A new fellow moved into the barn this week. His barn name is Joe, though his registered name is a mile long and beyond my ability to pronounce. We’ve had some interesting conversations. Joe’s been around. He’s very smart and worldly, and a really nice fellow.
Joe and I watched the barn’s farrier working on one of the young horses, and started talking about our experiences with farriers. He told me about a guy who was so sure he knew everything there was to know about feet, that he wouldn’t listen to anyone else. This farrier told the horse owners that HE was the trained professional, and they had to agree with anything and everything he decided to do with their horses’ feet, no questions asked, or they had to find another farrier.
I remembered a saying I once heard, that the dumbest people are the ones who think they know everything. When I shared it with Joe, he started to laugh. He said his owner told the guy the same thing, and then immediately hired a different farrier. While Joe’s person respected the man’s training and experience, she also has a great deal of horse knowledge and experience of her own. She was not about to ignore her responsibility of making sure that her horse had the best care possible. She would not blindly give complete control of her horse’s care over to anyone, no matter how much they claimed to know.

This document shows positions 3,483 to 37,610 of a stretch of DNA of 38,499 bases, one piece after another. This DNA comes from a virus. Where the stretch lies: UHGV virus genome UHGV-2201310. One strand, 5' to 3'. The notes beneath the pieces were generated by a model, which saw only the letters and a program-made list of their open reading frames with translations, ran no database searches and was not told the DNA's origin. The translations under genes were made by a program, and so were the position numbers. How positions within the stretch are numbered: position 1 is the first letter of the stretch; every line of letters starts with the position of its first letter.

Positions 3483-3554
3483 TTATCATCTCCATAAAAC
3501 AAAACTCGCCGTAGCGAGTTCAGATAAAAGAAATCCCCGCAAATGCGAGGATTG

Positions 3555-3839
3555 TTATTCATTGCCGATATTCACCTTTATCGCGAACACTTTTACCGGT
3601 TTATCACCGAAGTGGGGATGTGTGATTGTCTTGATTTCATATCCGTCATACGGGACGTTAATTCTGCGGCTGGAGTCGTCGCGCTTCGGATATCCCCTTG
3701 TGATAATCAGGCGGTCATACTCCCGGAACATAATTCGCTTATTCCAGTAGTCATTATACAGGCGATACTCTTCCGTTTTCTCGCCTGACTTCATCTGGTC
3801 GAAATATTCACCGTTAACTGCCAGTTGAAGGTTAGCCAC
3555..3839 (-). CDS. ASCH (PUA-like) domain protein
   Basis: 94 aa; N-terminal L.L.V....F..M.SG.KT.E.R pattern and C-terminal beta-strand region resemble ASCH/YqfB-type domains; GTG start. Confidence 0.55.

There are two lessons here. One: don’t give your personal power over to anyone, especially if they demand it. The very fact that someone demands blind obedience should make you suspect. Only those who are insecure about their own knowledge or abilities would demand that you follow them without question. Someone who really does know what they are doing would welcome questions as an opportunity to explain.
The second lesson is to remember to always remain the student no matter how accomplished you may be. There is always more to learn. As soon as you think you know it all, your mind closes. Remember: learning, like life, is a process and a journey, not a destination. The mind is like a parachute. To function property, it must be open!
I’m so glad my own farrier is always learning. He’s kept my feet feeling good for a long time. And, when he learns about new techniques or reads the latest research, he’s willing to share it with Jane. That gives her the opportunity to learn as well, and helps her make good decisions regarding my care.
Are you still learning? How could you attain some new information today? Make it your goal to learn something new in the next 24 hours, and then share it with me. Okay? I want to learn too!